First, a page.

It turned out that Beralle had never directed a film before, but had spent most of her life in religious seclusion, as part of the Sisterhood of the Water Lily, a religious order who believe that women were ‘birthed’ from water lilies, brought to grace the world with beauty. Men, according to the Sisterhood, arrived later, a perversion, corruption of that initial beauty. Little is known about their religious practices as they are a very secretive order who do not allow men or ‘women who have lain with men’ into their convent. The only time they leave is to recruit new members. Much of what we know about the intricacies of their religious rituals and festivals was learned from Beralle.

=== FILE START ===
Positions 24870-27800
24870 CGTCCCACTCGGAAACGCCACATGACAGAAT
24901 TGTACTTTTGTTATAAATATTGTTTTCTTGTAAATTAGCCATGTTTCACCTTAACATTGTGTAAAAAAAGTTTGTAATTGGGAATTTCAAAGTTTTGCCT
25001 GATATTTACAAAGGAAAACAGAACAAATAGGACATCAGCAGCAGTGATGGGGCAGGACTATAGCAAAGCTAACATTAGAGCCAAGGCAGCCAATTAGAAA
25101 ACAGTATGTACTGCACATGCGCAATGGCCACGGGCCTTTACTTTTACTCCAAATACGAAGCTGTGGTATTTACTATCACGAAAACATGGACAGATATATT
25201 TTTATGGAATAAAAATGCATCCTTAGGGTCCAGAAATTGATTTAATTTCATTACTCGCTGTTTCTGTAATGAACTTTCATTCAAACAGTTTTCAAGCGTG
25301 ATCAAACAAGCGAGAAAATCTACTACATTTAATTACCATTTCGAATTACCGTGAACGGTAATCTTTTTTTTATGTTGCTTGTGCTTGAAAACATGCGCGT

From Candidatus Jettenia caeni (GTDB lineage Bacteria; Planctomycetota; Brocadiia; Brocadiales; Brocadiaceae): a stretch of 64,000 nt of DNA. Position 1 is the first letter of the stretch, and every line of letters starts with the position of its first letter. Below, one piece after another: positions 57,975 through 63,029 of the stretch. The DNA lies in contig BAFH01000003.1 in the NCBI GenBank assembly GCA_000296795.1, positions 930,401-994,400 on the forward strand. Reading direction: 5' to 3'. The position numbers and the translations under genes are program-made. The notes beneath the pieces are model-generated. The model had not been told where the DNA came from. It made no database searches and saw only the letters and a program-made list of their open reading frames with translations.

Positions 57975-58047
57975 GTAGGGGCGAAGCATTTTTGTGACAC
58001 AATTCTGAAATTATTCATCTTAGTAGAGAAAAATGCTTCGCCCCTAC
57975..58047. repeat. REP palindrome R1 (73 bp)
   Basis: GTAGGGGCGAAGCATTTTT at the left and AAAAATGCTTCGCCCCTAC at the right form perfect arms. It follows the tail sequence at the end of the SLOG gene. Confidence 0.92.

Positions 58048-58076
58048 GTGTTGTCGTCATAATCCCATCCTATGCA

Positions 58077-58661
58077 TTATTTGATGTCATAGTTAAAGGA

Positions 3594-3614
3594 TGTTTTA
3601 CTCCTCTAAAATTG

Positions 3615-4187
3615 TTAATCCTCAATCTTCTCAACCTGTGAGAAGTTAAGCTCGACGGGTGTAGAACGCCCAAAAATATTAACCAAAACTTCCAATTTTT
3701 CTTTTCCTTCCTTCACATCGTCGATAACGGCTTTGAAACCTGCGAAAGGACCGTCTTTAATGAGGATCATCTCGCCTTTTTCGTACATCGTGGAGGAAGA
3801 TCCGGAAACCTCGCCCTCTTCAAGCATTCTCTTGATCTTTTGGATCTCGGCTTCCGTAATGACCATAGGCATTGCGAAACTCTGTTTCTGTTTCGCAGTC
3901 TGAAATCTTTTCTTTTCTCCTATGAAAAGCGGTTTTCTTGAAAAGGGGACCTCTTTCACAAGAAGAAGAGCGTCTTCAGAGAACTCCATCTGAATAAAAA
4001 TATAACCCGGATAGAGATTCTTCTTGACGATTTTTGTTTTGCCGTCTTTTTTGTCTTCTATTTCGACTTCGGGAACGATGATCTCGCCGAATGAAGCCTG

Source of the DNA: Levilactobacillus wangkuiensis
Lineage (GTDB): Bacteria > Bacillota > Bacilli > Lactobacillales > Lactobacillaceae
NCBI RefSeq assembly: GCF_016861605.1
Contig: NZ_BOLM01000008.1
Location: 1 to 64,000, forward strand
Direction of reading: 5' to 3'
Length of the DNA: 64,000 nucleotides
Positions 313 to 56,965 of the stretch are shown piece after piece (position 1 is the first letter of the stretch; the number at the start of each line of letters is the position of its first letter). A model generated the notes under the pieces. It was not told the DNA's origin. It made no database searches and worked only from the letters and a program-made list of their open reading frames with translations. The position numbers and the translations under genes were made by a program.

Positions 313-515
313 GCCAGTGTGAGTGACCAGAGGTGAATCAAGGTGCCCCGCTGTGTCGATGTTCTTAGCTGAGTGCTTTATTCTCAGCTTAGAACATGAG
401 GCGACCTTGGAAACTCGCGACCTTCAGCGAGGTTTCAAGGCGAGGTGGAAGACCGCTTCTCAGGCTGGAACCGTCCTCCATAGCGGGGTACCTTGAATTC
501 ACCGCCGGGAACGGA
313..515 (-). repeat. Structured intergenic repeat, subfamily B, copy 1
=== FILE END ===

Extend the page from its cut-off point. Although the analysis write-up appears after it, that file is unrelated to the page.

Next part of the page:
Apparently the spiritualist-turned-director had spent months watching the television of a household that neighbours the high-walled convent from a perch in a cherry tree within the convent, and had decided that she must leave to make these beautiful, silent images. When she was later interviewed about her inspiration for Night Swimming, she ignored the question and told of her life in the convent. She had been ‘donated’ to the Sisterhood as a baby by her mother, an orphan who’d had her when very young and was incapable of raising her properly. The convent is built around a large pool of water, in which water lilies are obsessively cultivated, and she’d spent many thousands of hours as a child sitting by the cool stillness. She’d been taught from a young age that the moon was the mother of all women, and when she was old enough she was initiated into the Sisterhood properly, on the night of the July full moon, as part of the Festival of the Night Swimmers.